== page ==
Timeless, beautiful, and haunting, spirals connect the four episodes of this mesmerizing novel from Printz Award winner Marcus Sedgwick. They are there in prehistory, when a girl picks up a charred stick and makes the first written signs; there tens of centuries later, hiding in the treacherous waters of Golden Beck that take Anna, who people call a witch; there in the halls of a Long Island hospital at the beginning of the twentieth century, where a mad poet watches the oceans and knows the horrors it hides; and there in the far future, as an astronaut faces his destiny on the first spaceship sent from earth to colonize another world. Each of the characters in these mysterious linked stories embarks on a journey of discovery and survival; carried forward through the spiral of time, none will return to the same place.
First Sentence: Generations of stars lived and died.
I received a copy of the book from the publisher in exchange for a honest review. All opinions are my own and I was not compensated for this review.
I knew I was going to request The Ghosts of Heaven the moment I saw its beautiful cover. I never thought that that particular shade of blue, orange, and pink purple would go so well together, but the cover surprised me. I also love the spiral staircase on the ocean, giving the cover a mysterious what-on-Earth-is-this feel. However, once I had The Ghosts of Heaven in my hands, I slowly started regretting it because what happens if it isn’t my type of book? I’ve never read any books by Marcus Sedgwick before and just judging The Ghosts of Heaven by the summary alone, I also knew that The Ghosts of Heaven is not the usual kind of book I like to read.
She is the one who goes on,
when others remain behind.
The one who walks into darkness,
when others cling to the light. (ARC 7)
The Ghosts of Heaven contains four stories focused around spirals. In the introduction, Marcus Sedgwick says that the stories can be read in any order, but I strongly recommend you guys to actually read the stories in the order it appears in the book because then, you can easily see how the stories connect with one another. I also feel like I should give you guys a warning: There is a lot of death in the book. I mean, duh Kelly, why didn’t you realize that there were a lot of death in the book, with the words “ghosts” and “heaven” in the title?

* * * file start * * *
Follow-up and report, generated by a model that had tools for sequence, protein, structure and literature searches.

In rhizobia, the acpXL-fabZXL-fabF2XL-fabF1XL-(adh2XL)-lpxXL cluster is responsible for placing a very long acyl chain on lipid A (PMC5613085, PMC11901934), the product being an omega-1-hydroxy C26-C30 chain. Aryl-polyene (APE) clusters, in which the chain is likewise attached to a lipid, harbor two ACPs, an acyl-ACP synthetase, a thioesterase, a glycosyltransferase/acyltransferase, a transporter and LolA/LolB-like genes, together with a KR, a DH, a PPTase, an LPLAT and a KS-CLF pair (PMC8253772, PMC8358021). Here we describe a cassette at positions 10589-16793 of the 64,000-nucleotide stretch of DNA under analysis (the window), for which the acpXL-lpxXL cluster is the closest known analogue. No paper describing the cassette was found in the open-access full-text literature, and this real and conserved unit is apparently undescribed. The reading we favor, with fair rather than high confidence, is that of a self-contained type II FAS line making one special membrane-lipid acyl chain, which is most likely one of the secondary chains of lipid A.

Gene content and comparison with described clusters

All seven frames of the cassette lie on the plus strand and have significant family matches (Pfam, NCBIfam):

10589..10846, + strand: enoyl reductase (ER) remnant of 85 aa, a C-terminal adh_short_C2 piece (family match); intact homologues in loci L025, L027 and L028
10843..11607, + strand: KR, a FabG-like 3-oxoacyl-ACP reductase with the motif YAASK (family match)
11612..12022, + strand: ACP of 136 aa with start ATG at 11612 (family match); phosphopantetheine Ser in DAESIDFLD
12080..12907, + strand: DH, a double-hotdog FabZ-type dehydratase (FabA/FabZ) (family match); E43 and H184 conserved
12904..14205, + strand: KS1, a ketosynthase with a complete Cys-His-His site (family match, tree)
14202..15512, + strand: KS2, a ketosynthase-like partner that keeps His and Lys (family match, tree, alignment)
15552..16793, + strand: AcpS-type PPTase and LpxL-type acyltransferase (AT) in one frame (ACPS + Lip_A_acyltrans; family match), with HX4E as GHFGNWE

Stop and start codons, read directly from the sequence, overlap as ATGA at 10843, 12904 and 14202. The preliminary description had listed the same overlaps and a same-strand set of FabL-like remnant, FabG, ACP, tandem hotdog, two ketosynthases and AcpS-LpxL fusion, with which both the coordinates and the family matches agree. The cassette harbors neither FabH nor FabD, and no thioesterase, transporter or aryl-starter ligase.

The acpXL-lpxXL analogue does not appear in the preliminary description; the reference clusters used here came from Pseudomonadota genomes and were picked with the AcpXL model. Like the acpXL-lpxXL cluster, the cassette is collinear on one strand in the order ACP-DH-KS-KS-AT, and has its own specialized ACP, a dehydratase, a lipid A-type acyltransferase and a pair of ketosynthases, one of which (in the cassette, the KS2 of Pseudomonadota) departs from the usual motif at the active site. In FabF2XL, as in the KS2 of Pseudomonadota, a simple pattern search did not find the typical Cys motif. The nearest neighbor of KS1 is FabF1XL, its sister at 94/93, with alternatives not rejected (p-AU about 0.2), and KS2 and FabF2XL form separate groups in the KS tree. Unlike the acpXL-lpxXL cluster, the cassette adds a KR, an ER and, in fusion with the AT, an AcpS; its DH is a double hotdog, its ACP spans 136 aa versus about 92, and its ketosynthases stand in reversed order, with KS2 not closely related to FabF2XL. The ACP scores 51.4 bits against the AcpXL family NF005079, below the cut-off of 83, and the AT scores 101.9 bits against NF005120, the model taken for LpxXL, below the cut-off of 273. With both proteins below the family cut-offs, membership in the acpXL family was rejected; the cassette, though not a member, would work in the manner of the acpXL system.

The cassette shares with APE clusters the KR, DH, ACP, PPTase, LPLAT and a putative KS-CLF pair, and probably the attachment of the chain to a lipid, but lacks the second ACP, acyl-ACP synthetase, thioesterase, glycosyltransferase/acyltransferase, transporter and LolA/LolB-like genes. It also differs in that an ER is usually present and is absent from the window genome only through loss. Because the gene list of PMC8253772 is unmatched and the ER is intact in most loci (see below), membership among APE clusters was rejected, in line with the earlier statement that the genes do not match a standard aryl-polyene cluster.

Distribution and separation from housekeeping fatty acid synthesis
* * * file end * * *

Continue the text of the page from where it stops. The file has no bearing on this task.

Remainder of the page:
The first story focuses on a Native American women. It’s written in a poetry format, but can be read as if it is any other book. When I finished the first half of the story, I was a bit confused. I had a sense that the story was trying to tell me something, but at the same time, I didn’t know what the story was trying to teach me. By the end of the story, I was still confused about the moral of the story, but I was also sad at what had happened at the end. Did things have to end up that way?
For now, she held the silent boy tighter still, and wondered when she’d ever stop crying. (ARC 164)
I enjoyed the second story a lot more than the first one, but I suspected it wouldn’t end happily because of what the summary hinted at. As it turns out, I was right. All I have to say about the second story is this: Why are boys such jerks? Also, boys suck. Like seriously. The second story made me the angriest out all of all the other three stories – not anger at the story itself, but anger at the characters themselves.
The third and forth story was also pretty good and amazed me at with its depth. I don’t think I got the message of the third story, but I really enjoyed reading it nevertheless. It was the same case with the fourth story – I didn’t get the message of the story, especially the last three pages (although I have a theory about two of those three pages), but I enjoyed reading it nevertheless.
Overall, I definitely do recommend The Ghosts of Heaven; it’s definitely a book that will give you all different kinds of feels, ranging from happiness to why does this have to happen?! I would also definitely be checking out all his other books in the future.